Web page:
Submitted by acohill on Tue, 06/08/2010 - 15:03
Jeff Daily of App-Rising makes an important point in this article that I have been writing about for some time: "broadband" and "the Internet" are not the same thing. Broadband is the network, the transport system, the road. The Internet is just one of many services that can be transported over that road. Unfortunately, legislators don't always understand the distinction, and many incumbents are happy to feed the confusion to get state and Federal rules designed to prop up their monopolies.
Submitted by acohill on Tue, 06/08/2010 - 14:53
Fiber everywhere is the simple goal the national government of New Zealand has set. In ten years, the government intends to have a minimum of 100 megabit fiber connections to 75% of homes and businesses in the entire country. They are doing this by going open access. It's a very simple model. The government will help underwrite the cost of privately owned fiber, but only if the network owner/operator agrees to provide unrestricted dark fiber and/or Layer 2 transport to any service provider. It's a time--tested model already being used in places in the U.S. like Utah and the City of Palm Coast, Florida.
Submitted by acohill on Tue, 05/04/2010 - 08:32
Via the Washington Post, the FCC has indicated that broadband services will likely remain unregulated for the time being. The recent court ruling in favor of Comcast most likely brought the change in direction. An attempt by the FCC to regulate broadband service providers would likely bring many more lawsuits that could drag on for years.
Net neutrality advocates will be disappointed, but there are simpler and better ways to achieve net neutrality, and those approaches are already in place and working--Utopia is the country's biggest open access network, with net neutrality baked into the network architecture and business model. Utopia has fifteen service providers on the network, all competing on price and service quality over the open and neutral community-owned system. The Wired Road, in southwest Virginia, has five providers on its open and neutral network. Palm Coast FiberNET is just starting up, but has two competing providers on day one.
The FCC has done the right thing; trying to regulate twentieth century business models will not give communities and businesses the economic growth they need. Design Nine is a national leader in the design and development of open access networks. Give us a call for help with your project.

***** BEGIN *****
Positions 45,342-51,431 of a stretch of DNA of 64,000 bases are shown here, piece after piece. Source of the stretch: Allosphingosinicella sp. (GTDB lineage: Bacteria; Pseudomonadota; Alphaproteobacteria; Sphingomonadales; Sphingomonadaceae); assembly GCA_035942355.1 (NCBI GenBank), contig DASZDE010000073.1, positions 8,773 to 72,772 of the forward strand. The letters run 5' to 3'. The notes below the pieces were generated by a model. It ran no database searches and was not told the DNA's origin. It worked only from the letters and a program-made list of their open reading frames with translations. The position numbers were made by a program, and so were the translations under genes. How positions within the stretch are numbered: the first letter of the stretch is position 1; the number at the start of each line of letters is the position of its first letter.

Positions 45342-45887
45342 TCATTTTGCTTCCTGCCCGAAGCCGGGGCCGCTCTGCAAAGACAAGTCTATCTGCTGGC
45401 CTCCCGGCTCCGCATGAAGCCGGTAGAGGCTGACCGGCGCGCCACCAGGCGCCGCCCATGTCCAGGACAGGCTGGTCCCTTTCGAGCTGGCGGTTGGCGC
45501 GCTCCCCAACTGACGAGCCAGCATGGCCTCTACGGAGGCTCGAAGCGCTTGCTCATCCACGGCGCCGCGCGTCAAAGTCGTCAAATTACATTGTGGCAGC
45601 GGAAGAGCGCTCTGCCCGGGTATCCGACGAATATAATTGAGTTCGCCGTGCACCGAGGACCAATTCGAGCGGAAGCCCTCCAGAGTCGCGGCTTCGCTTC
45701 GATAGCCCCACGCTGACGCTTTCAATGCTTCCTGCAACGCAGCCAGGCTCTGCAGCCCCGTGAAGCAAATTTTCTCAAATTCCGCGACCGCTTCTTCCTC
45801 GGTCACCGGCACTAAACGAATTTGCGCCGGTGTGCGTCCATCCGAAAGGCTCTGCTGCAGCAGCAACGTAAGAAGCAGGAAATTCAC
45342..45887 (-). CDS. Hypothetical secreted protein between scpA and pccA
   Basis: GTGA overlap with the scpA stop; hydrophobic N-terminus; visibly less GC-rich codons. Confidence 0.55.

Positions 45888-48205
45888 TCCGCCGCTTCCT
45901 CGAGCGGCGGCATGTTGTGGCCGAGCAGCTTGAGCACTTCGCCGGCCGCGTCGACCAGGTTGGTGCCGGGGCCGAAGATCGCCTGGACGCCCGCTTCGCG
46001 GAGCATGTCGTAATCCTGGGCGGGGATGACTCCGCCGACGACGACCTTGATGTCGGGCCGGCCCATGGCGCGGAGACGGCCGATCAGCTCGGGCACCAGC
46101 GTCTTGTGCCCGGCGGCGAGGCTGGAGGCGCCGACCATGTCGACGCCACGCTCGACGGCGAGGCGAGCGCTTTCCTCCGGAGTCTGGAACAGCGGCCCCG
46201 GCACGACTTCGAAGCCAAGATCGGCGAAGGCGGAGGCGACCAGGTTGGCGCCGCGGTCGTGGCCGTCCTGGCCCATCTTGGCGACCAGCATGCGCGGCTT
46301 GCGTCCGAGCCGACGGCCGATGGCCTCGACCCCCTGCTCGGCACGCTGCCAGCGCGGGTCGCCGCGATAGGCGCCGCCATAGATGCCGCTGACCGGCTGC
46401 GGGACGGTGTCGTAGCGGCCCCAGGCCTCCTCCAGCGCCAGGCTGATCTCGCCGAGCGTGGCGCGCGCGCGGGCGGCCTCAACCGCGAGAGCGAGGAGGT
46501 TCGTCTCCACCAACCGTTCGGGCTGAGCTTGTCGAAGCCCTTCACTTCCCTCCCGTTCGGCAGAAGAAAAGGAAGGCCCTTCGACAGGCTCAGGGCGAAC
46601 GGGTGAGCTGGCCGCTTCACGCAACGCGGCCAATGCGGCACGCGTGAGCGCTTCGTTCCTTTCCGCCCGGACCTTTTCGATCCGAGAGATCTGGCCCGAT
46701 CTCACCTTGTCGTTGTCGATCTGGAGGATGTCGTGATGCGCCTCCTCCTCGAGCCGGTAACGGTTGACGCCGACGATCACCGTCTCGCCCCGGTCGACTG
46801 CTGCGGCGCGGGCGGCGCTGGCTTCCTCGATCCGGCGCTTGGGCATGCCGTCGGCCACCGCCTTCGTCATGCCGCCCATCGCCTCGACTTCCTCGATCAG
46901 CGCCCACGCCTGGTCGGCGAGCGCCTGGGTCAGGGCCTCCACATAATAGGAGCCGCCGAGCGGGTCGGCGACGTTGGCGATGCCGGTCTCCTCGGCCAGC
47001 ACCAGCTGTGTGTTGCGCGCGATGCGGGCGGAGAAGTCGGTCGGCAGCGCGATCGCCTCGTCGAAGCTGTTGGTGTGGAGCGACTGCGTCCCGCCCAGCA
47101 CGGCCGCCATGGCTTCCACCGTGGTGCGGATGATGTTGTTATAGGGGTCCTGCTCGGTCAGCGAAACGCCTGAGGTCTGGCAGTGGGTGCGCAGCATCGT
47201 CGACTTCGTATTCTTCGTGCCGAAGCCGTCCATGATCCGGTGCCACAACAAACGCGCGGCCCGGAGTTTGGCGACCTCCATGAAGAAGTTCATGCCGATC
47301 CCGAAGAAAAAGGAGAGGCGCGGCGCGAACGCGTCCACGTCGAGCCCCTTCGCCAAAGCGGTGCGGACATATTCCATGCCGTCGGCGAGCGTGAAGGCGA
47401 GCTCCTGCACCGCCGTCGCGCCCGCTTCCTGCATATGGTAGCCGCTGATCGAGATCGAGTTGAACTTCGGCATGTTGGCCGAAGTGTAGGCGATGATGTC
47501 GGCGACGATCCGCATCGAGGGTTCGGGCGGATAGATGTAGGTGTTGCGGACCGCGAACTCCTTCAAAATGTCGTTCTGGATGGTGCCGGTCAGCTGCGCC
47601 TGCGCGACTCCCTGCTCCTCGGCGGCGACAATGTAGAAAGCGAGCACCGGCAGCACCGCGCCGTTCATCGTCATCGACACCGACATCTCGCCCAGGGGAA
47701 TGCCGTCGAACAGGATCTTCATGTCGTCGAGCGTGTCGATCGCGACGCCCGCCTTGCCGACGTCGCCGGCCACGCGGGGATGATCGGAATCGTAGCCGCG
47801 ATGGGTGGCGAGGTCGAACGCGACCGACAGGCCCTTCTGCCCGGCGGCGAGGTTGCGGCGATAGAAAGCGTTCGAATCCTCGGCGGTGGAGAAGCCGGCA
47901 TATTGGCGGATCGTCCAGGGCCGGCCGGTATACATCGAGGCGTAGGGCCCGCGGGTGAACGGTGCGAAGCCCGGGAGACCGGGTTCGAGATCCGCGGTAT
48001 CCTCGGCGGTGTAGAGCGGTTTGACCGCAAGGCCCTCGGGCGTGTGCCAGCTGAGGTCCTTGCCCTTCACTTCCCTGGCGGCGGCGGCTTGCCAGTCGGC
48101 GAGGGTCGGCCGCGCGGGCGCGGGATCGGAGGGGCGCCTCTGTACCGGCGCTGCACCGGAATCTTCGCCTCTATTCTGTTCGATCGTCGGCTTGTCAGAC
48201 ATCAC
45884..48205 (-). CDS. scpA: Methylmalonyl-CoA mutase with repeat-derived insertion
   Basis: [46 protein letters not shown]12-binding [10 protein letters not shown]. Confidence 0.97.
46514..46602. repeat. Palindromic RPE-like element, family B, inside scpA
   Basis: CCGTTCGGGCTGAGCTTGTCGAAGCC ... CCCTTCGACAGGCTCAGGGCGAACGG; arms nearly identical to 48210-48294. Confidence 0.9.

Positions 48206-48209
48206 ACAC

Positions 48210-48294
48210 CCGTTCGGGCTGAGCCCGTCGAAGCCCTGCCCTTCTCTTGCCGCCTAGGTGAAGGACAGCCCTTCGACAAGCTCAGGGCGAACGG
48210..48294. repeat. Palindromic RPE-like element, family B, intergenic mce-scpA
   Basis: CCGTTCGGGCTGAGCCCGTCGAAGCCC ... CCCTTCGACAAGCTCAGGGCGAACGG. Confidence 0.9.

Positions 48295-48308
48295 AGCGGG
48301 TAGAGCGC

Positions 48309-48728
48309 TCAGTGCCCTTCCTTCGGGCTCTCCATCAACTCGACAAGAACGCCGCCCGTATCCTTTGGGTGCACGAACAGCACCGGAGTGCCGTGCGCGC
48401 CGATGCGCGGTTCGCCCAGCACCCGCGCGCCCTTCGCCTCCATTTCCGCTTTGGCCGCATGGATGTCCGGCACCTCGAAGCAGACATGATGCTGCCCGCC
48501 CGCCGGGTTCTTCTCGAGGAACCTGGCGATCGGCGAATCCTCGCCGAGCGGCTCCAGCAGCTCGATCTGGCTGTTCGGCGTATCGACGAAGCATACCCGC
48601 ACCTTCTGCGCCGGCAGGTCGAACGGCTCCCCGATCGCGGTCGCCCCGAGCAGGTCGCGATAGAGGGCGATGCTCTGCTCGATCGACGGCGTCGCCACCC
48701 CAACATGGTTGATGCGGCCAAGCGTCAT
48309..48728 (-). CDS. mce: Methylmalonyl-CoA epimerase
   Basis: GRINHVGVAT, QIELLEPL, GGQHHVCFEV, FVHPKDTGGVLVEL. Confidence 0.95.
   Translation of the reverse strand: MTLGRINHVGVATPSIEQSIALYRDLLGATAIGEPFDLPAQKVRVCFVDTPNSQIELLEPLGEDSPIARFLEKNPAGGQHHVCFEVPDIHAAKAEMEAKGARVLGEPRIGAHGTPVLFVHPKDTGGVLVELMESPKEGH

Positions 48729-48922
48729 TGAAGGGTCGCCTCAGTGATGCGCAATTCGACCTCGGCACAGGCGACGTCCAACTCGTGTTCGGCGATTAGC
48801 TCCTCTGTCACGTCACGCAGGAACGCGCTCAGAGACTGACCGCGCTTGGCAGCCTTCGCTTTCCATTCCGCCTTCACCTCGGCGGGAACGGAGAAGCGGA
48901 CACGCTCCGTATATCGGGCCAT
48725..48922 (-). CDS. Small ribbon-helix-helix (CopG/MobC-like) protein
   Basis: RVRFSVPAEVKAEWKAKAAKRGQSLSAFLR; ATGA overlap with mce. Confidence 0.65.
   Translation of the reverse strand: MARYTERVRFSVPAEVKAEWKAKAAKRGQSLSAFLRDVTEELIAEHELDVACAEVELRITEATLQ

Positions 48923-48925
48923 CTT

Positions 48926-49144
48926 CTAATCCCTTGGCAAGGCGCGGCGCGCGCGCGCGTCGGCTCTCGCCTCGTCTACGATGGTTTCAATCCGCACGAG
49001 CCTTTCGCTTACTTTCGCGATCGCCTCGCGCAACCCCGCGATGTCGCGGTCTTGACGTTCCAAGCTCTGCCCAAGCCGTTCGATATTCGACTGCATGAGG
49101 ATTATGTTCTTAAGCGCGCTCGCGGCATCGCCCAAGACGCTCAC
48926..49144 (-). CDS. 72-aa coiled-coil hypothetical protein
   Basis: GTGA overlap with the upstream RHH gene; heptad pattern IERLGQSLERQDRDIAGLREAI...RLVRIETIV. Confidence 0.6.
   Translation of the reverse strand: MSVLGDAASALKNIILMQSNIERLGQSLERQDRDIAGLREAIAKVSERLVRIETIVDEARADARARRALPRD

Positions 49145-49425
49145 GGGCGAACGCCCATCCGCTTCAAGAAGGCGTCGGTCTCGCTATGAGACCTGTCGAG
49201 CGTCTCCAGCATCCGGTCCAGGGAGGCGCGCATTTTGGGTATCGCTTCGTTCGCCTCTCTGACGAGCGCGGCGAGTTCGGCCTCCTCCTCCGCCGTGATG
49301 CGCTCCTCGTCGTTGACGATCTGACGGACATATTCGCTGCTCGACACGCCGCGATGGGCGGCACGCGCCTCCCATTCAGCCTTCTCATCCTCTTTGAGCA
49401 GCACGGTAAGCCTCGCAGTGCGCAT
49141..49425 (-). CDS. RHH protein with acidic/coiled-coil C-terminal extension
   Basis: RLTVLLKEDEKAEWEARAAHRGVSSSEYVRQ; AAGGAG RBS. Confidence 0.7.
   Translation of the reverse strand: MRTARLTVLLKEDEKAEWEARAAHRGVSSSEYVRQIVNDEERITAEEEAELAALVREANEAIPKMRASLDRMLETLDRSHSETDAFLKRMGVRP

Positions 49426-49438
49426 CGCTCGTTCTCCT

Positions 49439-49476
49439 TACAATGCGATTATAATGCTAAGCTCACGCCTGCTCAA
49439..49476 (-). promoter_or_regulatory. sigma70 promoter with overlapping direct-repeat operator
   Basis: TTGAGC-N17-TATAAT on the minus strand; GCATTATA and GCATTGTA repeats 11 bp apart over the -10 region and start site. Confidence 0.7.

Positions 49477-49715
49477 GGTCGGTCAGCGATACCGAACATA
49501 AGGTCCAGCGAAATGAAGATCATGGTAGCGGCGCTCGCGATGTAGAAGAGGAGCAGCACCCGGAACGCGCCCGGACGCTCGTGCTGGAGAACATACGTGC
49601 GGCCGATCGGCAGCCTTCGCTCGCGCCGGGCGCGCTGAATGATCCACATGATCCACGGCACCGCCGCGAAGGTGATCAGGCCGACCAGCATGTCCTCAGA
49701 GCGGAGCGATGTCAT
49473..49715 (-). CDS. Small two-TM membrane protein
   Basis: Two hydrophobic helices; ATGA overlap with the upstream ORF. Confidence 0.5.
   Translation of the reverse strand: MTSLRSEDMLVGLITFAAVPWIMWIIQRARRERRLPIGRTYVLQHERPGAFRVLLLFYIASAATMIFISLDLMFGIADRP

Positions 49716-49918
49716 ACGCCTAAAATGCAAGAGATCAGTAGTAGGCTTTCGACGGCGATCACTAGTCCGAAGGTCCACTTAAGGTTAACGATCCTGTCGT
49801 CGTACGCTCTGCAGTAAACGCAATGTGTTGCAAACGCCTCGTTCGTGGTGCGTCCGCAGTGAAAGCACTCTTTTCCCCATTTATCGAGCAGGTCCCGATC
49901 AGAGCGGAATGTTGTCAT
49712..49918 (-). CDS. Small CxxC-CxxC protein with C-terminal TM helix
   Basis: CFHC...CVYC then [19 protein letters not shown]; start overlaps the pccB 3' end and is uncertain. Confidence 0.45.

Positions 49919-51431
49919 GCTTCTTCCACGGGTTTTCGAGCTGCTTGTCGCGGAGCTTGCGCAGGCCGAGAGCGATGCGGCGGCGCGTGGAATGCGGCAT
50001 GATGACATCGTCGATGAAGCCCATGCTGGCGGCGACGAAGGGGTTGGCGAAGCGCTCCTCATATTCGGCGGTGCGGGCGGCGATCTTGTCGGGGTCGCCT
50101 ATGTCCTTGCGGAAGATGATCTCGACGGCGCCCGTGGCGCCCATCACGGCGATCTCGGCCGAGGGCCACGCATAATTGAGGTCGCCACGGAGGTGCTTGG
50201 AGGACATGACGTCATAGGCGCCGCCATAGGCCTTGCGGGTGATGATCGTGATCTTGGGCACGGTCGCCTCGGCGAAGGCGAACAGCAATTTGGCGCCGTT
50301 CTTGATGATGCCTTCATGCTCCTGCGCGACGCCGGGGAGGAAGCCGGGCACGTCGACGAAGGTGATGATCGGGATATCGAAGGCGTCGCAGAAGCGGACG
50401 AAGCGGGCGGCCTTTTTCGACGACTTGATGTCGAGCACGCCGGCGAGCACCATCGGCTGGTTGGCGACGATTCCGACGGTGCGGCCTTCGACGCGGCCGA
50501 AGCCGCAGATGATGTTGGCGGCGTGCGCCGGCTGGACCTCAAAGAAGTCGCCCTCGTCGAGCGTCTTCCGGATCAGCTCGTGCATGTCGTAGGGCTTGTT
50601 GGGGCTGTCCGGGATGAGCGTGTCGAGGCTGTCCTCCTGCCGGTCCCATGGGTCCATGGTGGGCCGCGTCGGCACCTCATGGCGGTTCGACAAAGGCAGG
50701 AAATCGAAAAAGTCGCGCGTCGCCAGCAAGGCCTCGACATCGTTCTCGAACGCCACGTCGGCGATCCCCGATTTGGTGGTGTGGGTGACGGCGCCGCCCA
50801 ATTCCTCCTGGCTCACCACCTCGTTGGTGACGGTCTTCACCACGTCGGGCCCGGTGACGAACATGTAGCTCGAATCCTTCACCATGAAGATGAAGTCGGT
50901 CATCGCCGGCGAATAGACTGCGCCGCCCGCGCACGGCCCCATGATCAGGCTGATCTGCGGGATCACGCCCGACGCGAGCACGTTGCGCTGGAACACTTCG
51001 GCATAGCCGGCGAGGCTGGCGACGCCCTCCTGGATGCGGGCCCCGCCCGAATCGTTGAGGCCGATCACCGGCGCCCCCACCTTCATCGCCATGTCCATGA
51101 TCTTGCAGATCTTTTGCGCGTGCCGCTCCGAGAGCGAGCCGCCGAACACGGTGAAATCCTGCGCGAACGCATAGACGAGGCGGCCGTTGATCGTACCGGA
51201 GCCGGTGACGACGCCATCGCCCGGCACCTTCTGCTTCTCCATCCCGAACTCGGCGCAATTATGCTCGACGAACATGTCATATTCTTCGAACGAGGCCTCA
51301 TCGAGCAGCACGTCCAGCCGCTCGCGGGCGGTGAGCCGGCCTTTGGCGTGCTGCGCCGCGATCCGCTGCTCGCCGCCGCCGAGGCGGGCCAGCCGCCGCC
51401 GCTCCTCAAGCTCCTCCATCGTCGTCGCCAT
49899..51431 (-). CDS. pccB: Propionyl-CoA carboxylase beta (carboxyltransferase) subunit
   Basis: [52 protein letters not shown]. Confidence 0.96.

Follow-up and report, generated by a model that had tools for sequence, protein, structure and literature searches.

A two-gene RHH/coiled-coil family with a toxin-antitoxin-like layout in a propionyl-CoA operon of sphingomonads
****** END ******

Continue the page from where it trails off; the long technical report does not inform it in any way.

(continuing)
Submitted by acohill on Thu, 04/29/2010 - 14:31
Excerpt from Speech by FCC Commissioner Mignon L. Clyburn
SEATOA’s 9th Annual Conference
Asheville, NC – April 27, 2010
"...The theme of this conference “Expanding Community Networks,” is exactly what the National Broadband Plan is about – to ensure that broadband is made available to all Americans, no matter where they live..."
"...In addition to recommendations about improving providers’ access to infrastructure for building broadband, the Plan also acknowledges that in some jurisdictions, no provider is constructing a broadband network. Thus, the Plan recommends that Congress clarify that State and local governments should not be restricted from building their own broadband networks. I firmly believe that we need to leverage every resource at our disposal to deploy broadband to all Americans. If local officials have decided that a publicly-owned broadband network is the best way to meet their citizens’ needs, then my view is to help make that happen...."
"...last month I heard Lafayette, Louisiana’s City-Parish President describe the development of economic opportunities in his city, that were a direct result of the fiber network built by the community. Right here in North Carolina, I understand that Wilson and Salisbury are trying to invest in fiber optic systems, that they hope will transform their local economies..."
"...When cities and local governments are prohibited from investing directly in their own broadband networks, citizens may be denied the opportunity to connect with their nation and improve their lives. As a result, local economies likely will suffer. But broadband is not simply about dollars and cents, it is about the educational, health, and social welfare of our communities. Preventing governments from investing in broadband, is counter –productive, and may impede the nation from accomplishing the Plan’s goal of providing broadband access to every American and every community anchor institution..."